• The survey found that most people are very positive about their pharmacy, suggesting that pharmacists provide clear information on taking medicines, that they are accessible and available to answer questions, and that the pharmacy is a good place to make more health services available.

    The level of agreement of Dubliners tends to be lower and indeed younger adults tend to have less well formed perspectives too. The population structure of the Dublin region is slightly younger but the level of distance of Dubliners from the pharmacist cannot be entirely explained by the age structure within Dublin.  More properly it is influenced by a combination of factors.

  • What about other pharmacy services?

  • 9 out of 10 people say pharmacies are a good place to make more health services available

    More than 9 in 10 pharmacy users believe that the pharmacy is a good place to make more healthcare services available.

    There is interest in being able to get more health promotion advice from pharmacists (89%), cholesterol checks (88%), blood pressure checks (88%), appointments with pharmacists to speak in private about a patient’s medicines (87%), and diabetes checks (87%).

    There is also high levels of interest in pharmacist led health clinics for obesity and weight management (84%) and for chronic disease management, such as asthma and diabetes (81%), and for vaccinations, such as travel and childhood vaccinations, (81%) being available from pharmacists.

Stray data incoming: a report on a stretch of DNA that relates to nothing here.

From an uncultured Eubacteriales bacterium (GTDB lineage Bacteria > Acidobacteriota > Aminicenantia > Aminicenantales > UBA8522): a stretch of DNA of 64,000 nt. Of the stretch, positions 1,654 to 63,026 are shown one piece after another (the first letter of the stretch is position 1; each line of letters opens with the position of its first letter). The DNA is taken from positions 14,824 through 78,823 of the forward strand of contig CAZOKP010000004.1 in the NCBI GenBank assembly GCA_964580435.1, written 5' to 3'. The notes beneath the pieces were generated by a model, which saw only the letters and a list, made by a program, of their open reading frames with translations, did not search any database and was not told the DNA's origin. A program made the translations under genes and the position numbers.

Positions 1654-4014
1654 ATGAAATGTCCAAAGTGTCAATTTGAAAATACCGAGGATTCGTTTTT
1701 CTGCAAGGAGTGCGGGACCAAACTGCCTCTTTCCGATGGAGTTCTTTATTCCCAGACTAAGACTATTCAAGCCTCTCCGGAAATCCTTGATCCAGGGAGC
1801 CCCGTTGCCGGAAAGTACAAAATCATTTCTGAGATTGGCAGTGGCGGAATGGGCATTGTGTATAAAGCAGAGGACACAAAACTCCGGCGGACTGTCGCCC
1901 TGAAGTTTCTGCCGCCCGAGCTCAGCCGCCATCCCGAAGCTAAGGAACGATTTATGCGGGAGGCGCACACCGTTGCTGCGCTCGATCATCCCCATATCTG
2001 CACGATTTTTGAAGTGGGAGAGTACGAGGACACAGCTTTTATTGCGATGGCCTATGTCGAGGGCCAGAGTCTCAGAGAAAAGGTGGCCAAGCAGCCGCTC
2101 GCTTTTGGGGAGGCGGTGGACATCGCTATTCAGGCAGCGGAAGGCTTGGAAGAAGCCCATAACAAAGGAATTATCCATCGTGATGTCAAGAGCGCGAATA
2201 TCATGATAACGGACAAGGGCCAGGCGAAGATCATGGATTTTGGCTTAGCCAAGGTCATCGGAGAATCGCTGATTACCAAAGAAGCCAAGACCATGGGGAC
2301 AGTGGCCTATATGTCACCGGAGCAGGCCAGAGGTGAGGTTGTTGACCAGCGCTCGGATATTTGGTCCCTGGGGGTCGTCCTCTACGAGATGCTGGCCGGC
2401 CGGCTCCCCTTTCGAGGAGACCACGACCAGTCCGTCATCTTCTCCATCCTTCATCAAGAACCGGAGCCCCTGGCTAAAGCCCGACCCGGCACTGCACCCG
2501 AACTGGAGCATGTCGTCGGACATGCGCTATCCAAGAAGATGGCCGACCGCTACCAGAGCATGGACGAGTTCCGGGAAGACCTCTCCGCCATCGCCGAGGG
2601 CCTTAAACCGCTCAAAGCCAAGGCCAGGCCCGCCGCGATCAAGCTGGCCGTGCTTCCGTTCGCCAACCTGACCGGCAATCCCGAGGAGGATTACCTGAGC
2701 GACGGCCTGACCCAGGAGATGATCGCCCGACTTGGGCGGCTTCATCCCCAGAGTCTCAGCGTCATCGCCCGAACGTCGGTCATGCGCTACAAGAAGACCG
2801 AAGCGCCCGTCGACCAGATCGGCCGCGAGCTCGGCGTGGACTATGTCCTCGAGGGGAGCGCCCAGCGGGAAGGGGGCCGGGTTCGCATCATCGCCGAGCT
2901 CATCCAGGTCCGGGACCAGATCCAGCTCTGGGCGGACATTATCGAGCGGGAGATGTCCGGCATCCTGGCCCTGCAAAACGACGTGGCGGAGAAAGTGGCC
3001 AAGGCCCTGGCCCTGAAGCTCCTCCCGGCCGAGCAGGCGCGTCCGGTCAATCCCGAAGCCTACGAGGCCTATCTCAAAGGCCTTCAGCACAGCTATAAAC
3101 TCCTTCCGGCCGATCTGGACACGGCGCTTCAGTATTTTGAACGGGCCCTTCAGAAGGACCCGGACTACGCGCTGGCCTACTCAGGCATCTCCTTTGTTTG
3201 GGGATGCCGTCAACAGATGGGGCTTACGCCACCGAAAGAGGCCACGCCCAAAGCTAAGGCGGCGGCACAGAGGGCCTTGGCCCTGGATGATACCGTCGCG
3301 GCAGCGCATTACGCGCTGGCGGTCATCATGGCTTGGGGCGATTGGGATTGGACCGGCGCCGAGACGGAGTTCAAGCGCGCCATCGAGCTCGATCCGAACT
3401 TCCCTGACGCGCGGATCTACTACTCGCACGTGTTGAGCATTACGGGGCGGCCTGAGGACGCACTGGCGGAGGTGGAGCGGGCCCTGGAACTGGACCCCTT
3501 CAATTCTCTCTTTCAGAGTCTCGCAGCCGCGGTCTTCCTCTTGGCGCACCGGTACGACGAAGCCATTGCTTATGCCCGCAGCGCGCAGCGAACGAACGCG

• What influences you availing of pharmacy-delivered services?

  • There were very high scores across each of the five factors proposed. Trust in the pharmacist and access rated highest, followed by acknowledgement of pharmacists as experts in medicines, long and convenient pharmacy opening hours and lastly by cost of service.

  • Would you consider ordering prescription medicines online?

  • Ordering prescription medicines onlineSale of prescription medicines over the internet is currently prohibited in Ireland. People were asked to consider whether they would order a prescription medicine online if the service was operated by a regulated internet pharmacy. 

    Attitudes differ substantially, predominantly by age, with younger and Dublin-based adults much keener to consider online prescription ordering as an option. 39% would consider purchasing online. 52% of people said they would not likely or not at all consider ordering prescription medicines online.

    The sale of other non-prescription (over the counter) medicines is allowed online since June 2015 after introduction of European wide legislation. It requires that retailers register with the PSI and make particular information available to the consumer on their website. The PSI has produced an information leaflet with more details for consumers on this topic.

  • What about any bad experiences and making a complaint?

  • Survey results show that few people have ever had a poor experience in a pharmacy; 96% say they have had no experience that would give rise to unhappiness or a complaint in relation to a pharmacy interaction. Where someone said they had a bad experience, roughly half (2%) indicate that they had complained to the pharmacy and the balance (2%) that they should have complained but at the time they had done nothing.  One person advised that they had made a complaint to the relevant body, the PSI, as pharmacy regulator.